1. Alf

        Communism vs. Capitalism isn’t an either/or proposition. While Marxism is completely utopian and incompatible with human behavior, we also need to avoid Dickensian Capitalism. Macroeconomics dictates that a consumer economy requires a middle class capable of being consumers, a social safety net, access to affordable education, and a wage capable of sustaining a healthy family. Impossible? Not in Germany, Switzerland, or Sweden.

         
        +1
    2. John Bressoud

      I wouldn’t put it that harshly to play the communist card, but honestly, labor unions? An idea whose time has come and gone. America has always had a problem of not enough people to do all the work that needs to be done. That is why there is so much immigration (think of it as a differential pressure). That is what drives productivity improvements. And productivity improvements is what drives increased wages. Something we (I) have not seen much of in the past five years. Higher minimum wages totally destroy the economics of entry level labor. Do I feel sorry for the $8 / hour grocery bagger? Not if they are a teenager. Sorry for the 30 something who never had the motivation to do more with their life. Sorry for the 60 something who is just trying to pay bills because that is where I may be someday.

       
  3. Robert

    If the minimum wage is raised to what is considered a living wage, that will support a parent and children, expect prices of good and serices to likewise rise, resulting in a net zero sum gain. This is exactly how a wage and price spiral is started. Entry level jobs are exactly that. They are meant for teenagers entering the work force for the first time and are not meant as a career option. Climbing the social ladder entails obtaining a higher education and advanced training, whether it is through a technical school or college. On the job training is becoming extinct.

     
    +6
  4. Ray Frattone

    Every time that we artificially move wages up the scale, there extremely high costs down the road that affect every facet of the economy. You think we would have learned by now. Minimum wages, price controls,rent controls and union wages all fly in the face of what this country was built on. This is the shadow of communism.
    I pray for hope and change.Lol.

     
    +1
    1. Ron B

      It sounds like your mocking your religion… the concept of prayer is not to be used in jest… any atheist would tell you that.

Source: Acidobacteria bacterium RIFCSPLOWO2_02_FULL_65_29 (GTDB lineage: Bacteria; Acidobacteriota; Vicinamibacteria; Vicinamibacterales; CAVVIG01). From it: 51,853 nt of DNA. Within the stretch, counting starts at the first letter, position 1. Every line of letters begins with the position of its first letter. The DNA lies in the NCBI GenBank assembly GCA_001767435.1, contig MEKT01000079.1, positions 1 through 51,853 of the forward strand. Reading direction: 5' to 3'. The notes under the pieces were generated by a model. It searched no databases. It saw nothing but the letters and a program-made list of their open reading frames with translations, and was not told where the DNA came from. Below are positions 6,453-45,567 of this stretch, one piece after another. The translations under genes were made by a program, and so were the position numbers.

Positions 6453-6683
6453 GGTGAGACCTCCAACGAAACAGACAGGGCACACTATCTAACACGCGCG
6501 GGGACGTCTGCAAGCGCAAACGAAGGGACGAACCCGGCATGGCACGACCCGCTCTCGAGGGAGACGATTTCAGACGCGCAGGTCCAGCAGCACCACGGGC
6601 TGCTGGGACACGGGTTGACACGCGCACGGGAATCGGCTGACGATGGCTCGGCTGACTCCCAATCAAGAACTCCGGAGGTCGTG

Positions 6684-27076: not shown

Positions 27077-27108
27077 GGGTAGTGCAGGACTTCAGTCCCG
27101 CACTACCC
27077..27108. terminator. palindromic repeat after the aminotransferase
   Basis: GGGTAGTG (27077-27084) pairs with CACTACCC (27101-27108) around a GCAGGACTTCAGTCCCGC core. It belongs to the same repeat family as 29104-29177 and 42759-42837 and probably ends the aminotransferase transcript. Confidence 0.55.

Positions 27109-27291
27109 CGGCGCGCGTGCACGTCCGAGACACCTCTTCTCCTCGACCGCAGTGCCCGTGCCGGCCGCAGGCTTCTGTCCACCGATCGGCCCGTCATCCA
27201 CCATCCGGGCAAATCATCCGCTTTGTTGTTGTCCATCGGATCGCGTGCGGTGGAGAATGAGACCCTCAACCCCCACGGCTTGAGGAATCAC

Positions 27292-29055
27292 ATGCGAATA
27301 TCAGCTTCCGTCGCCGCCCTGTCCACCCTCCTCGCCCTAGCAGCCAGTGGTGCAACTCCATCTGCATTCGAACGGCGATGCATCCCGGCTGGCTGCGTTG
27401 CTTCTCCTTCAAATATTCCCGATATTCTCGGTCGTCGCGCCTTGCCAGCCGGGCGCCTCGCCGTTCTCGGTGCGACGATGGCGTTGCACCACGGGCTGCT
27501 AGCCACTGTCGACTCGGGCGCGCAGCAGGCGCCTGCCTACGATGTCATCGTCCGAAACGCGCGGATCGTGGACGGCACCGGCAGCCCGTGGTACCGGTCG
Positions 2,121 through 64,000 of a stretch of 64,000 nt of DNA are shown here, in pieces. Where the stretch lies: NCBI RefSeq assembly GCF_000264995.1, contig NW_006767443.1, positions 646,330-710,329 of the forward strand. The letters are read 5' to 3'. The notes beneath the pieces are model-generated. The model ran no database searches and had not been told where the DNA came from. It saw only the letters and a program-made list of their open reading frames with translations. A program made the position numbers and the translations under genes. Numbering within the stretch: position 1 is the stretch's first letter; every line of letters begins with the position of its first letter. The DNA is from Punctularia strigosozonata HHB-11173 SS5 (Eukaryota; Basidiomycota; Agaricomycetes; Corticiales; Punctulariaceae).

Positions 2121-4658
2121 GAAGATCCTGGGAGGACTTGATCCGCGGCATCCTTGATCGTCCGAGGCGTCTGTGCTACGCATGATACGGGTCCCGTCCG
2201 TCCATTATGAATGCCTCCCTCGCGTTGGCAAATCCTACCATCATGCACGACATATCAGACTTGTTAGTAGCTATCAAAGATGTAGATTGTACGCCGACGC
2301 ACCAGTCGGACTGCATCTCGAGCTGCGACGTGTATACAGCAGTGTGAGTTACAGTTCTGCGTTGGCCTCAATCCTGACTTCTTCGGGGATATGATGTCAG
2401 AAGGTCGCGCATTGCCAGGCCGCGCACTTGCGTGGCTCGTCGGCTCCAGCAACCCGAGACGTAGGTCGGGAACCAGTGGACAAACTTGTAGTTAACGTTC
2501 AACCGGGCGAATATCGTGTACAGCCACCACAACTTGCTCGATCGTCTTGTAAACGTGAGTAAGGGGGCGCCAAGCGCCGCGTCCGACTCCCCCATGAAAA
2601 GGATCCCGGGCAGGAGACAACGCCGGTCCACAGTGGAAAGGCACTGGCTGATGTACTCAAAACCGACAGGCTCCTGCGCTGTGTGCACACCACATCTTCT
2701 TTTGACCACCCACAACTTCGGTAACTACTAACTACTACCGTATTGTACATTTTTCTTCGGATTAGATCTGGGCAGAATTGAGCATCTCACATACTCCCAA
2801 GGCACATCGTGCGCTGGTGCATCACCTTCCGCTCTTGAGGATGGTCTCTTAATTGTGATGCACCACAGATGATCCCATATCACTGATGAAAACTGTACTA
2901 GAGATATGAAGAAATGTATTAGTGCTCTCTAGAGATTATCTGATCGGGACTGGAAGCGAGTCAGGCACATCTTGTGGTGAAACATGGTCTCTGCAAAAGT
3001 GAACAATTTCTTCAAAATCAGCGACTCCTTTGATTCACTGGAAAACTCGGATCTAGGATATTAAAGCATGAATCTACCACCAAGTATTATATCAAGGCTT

5. Gordy

    I am sure everyone has seen the price of fast food go up. Imagine the guys in the boardroom at your favorite provider saying “sure, I’ll give them a dollar an hour more but I will raise the price of every burger a dollar and make millions.” It will be worse than a zero sum game for anyone who didn’t have the discipline to get an education. Our parents drilled us and we drilled our kids and everyone seems to be doing Ok, or well above the poverty curve. One problem we see is that if you work the welfare system, you can get nearly 60K a year out of welfare with food cards and the like. That sets a high bar, so far beyond what one can do with 2 minimum wage jobs. That alone really needs to be a topic in itself. It is a bad disincentive for an already less than motivated individual for sure.

     
    +3
  6. Ron B

    I for one am growing tired of subsidizing multi-billion dollar corporations (Wal-Mart / McDonalds and such) by providing food stamps / healthcare / subsidized housing etc. for their employees while they wile away in the money. Most of the anti-minimum wage increase people that I’ve heard from suggest that low wage earners are generally not smart or lazy people. I’ve worked with good earners whom many fall directly into these camps… and on the other side, I’ve observed few workers standing around Wal-Mart / McDonalds chit-chatting. I would recommend the book ‘Nickeled and Dimed’ for someone wanting an inside look at the low-wage lifestyle… summary: those who work the hardest (physically) earn the least… not universally but generally… and to answer Lloyd’s question… we all have gigs in today’s economics… we just don’t acknowledge it because we like to believe we’re secure.

     
    +2
  7. Misterchipster

    Ultimately things will cost more and our global competitiveness will further deteriorate. The only winner will be the spike in consumer spending which will only last until the prices catch up and then everyone – including the minimum wage earner – will pay more than the wage increase out in additional costs. Just a vicious circle used by those involved in politics on the less informed to forward the agenda of the politicians while exploiting those with a lack of knowledge. Don’t look for our news media to expound the facts, facts don’t sell well unless they can be twisted for shock value.

     
    +2
  8. GL